Wednesday, January 30, 2008
Why Flash absolutely stinks
So, because budgets have reduced with Flash, stuff can be produced at home. Good, eh? Yes, but the huge problem is that, in each of these steps, budgets have been reduced. And reduced. And reduced.
And reduced some more.
When limited animation was used to cut budgets, it must have been quite a similar scenario. Okay, so the quality wasn't the same as full animation but you can still get really entertaining animation from limited techniques if the right people are doing it. Just like Flash now.
But what happened to limited animation?
Before long, it was shipped to the Far East. The craft of animation was soon seen as almost a production nuisance. More than that, budgets fell and the craft was severely devalued. Animators who had spent years honing their skills found it tough to get work and, when they did, they were being paid less for it. Many people had to leave the animation industry for good.
And now, people are celebrating the fact that Flash can allow people to produce stuff at home. But, in the process, it has once again devalued the craft. And how long do you think it's going to be before all Flash animation is shipped to the Far East for even less? Honestly? It's already happening and once more facilities are all up and running, there isn't a producer on this planet who won't take advantage of the cheaper production. Animation will vanish once more and the craft will have lost so much value that, if you could find work, you'd be lucky to make minimum wage.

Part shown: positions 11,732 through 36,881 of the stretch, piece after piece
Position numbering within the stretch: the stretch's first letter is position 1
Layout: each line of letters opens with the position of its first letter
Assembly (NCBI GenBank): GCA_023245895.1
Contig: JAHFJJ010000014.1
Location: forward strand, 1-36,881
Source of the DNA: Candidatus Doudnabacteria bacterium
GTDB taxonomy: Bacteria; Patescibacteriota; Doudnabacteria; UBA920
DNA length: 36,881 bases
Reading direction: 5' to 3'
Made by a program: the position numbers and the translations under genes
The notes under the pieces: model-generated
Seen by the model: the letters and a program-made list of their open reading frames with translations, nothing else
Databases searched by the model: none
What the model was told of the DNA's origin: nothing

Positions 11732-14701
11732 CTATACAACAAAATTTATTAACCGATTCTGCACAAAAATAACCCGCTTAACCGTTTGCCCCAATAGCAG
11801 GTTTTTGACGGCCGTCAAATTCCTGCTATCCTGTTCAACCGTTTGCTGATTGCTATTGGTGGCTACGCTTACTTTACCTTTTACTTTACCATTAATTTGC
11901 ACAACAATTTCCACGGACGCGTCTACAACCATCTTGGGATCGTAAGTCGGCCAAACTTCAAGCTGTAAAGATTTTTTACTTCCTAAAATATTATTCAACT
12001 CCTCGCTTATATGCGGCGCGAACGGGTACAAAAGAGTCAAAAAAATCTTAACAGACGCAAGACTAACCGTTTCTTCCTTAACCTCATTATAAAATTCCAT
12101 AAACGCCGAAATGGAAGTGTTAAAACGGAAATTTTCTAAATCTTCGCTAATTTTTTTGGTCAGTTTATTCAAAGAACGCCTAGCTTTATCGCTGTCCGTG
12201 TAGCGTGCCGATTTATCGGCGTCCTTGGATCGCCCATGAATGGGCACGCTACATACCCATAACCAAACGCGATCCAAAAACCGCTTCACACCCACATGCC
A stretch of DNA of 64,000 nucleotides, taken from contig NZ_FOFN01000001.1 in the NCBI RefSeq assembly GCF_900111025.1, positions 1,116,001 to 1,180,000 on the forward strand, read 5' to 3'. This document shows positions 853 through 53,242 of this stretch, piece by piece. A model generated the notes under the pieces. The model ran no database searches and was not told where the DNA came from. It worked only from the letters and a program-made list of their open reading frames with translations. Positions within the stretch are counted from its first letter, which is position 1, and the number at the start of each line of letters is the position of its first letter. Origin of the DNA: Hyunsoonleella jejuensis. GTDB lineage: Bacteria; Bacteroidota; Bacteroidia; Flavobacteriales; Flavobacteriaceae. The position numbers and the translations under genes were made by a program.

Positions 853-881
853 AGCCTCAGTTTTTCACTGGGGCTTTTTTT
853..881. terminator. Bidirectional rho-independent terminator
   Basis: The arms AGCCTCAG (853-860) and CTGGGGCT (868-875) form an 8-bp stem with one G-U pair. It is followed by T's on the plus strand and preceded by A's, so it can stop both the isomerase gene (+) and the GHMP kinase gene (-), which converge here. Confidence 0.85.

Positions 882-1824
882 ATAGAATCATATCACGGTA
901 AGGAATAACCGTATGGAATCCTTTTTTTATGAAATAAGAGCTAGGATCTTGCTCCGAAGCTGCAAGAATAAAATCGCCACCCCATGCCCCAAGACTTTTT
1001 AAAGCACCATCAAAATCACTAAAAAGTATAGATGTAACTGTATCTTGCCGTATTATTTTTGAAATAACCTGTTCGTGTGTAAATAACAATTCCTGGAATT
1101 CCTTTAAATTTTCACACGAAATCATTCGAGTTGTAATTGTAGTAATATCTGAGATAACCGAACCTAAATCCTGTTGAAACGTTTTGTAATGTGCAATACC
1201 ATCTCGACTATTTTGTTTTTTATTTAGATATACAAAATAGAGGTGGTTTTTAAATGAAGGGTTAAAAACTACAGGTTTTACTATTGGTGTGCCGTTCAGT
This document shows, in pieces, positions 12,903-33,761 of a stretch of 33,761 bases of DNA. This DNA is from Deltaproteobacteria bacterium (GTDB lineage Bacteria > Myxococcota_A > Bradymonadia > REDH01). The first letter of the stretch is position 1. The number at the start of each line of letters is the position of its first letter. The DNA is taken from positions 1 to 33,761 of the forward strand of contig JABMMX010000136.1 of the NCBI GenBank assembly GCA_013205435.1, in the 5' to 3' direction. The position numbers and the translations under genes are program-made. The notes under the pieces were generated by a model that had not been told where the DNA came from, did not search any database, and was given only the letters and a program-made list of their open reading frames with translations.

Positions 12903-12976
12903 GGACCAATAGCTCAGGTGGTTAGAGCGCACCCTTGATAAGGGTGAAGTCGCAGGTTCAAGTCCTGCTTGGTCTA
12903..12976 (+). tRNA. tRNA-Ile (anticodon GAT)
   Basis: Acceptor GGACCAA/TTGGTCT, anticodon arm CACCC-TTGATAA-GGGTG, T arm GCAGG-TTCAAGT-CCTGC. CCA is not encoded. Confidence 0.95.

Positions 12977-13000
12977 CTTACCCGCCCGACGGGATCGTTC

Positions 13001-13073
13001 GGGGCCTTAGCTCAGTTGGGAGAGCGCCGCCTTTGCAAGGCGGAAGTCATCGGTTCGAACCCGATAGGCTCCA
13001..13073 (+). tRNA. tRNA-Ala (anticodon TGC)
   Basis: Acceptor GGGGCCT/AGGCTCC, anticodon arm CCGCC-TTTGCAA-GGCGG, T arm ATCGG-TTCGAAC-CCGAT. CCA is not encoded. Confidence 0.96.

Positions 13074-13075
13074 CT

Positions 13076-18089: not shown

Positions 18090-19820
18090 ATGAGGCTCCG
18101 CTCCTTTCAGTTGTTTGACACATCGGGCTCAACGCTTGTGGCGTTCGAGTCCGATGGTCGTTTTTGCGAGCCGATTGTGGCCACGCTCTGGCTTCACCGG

That's the future of animation. Once again.
So, yes, it's allowing some projects to get going that otherwise wouldn't have been greenlit. But the lowering of budgets also means that many projects that would have been funded before will now not get funded. A cheap-shit Flash show will get off the ground way easier than a high-quality production. The animation will vanish, the work of animators devalued.